TURN OF THE SCREW: I got interested in antiques after I left the Army in 1987. I was walking through a flea market and I just fell in love. It wasn't until about 12 years ago that I got into corkscrews, though. At an antique show, I ran into another buyer who'd purchased a collection of 13 vintage pieces -- I was intrigued, so I bought 12 of the 13. Then, when my customers reacted well, I started amassing a collection at my shop [Frank Milwee Antiques, 2912 M St. NW, 202-333-4811]. Currently, I have 438 on display, with no duplications.
FIT FOR BACCHUS: You should audition every corkscrew -- with the exception of those crappy modern ones you buy at the grocery store. I generally buy and sell about 500 a year, each with the notion that the item is going to be used. One of my favorites is an 1802 Patent Thomason. When you turn the crossbar, the cork is removed from the bottle and ultimately ejected from the screw (or worm, as it is commonly called). It's absolutely first class -- the Rolls Royce of corkscrews. You really get a level of satisfaction with how mechanically fluent and elegant it is.
Cheesemonger (The Washington Post, Jan 9, 2005)
Contractor Connection (The Washington Post, Jan 2, 2005)
Bouncer (The Washington Post, Dec 26, 2004)
Kitschmas Collector (The Washington Post, Dec 19, 2004)
Sled Pioneer (The Washington Post, Dec 12, 2004)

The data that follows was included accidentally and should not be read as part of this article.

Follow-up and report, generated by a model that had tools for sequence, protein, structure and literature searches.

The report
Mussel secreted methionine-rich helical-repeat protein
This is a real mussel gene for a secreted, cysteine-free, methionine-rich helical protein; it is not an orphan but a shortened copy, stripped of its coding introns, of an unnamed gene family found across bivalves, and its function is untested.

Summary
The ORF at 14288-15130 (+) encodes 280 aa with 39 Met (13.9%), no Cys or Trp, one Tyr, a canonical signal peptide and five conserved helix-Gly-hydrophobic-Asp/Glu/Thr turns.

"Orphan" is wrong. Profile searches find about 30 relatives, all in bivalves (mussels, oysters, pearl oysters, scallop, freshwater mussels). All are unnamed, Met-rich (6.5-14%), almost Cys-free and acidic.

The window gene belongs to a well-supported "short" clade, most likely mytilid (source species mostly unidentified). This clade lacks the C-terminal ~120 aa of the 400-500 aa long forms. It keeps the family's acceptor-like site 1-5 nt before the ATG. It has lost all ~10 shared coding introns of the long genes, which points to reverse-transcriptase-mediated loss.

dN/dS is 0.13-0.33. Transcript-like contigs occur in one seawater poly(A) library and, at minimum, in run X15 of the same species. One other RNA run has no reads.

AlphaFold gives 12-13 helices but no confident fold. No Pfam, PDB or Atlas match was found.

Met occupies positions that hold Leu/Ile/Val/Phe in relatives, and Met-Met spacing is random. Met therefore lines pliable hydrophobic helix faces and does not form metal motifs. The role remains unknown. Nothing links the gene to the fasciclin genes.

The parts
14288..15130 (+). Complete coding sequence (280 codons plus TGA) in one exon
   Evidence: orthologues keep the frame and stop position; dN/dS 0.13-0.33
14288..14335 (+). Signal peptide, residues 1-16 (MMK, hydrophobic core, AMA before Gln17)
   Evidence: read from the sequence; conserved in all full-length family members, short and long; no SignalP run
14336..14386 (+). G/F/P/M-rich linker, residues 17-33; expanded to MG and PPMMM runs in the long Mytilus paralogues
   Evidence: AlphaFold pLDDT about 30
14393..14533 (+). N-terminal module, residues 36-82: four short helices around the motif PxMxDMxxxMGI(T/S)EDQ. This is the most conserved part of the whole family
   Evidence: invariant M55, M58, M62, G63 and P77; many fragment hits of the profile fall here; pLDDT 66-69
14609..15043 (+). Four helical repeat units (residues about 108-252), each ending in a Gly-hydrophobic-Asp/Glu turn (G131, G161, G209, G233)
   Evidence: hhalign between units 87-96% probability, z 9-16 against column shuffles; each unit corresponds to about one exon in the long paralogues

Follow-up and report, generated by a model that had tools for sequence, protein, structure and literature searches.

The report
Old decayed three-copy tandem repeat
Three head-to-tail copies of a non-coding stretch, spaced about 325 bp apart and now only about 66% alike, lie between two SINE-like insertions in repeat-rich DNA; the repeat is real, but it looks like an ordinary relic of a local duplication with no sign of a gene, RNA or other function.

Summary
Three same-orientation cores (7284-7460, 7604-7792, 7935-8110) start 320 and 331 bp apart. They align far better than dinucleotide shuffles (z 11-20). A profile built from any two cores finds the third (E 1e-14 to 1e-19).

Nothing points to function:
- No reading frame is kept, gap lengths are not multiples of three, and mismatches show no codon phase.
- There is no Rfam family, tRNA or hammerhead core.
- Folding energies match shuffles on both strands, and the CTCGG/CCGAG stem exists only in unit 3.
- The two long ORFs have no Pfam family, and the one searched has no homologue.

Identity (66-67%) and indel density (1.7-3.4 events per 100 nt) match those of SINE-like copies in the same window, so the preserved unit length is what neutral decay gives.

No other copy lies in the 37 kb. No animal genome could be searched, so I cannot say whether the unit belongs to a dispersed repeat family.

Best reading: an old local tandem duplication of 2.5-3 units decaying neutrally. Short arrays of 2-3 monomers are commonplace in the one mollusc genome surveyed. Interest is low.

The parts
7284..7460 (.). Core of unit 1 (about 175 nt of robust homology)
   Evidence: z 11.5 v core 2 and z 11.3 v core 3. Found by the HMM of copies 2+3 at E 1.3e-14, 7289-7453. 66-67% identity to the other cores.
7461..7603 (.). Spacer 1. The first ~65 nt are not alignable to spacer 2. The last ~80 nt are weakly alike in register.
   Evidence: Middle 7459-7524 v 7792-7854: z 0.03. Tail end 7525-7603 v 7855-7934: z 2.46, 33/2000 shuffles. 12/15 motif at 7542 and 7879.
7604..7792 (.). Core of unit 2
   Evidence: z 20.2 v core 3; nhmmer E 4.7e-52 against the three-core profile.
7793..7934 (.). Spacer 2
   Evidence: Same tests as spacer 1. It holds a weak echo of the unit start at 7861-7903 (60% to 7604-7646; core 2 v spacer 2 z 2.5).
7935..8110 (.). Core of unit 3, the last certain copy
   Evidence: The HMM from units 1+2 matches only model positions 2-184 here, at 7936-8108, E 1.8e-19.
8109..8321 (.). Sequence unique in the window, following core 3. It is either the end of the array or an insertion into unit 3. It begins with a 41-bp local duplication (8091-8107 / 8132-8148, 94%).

DOING THE TWIST: An object is only worth what two people are willing to pay for it, and for this reason I don't buy from auctions. My customers attend them, so if I were to go and bid on an object I'd become their competition. I find corkscrews the old-fashioned way: I get out and pound the pavement. I go to antique shops and estate sales. I go every place that I think there might be a corkscrew worth investigating. This includes quite a bit of travel to places like Canada and particularly Great Britain, where the demand for corkscrews was great.
CAVEAT EMPTOR: I always tell people to look with their eyes and not their mouths when buying any type of antique -- tell someone you're looking for a particular piece and you automatically drive up the price. On a trip to London in 1999, I found a particular vintage corkscrew called a Lund's London Lever that I thought was fun, so I bought up quite a few of them. They actually didn't sell all that well. The following year, though, I couldn't find any. I asked a seller what was going on, and he told me that "someone" had bought them all up, making them scarce! Six years later, they're still hard to find.
As told to Karen Hart
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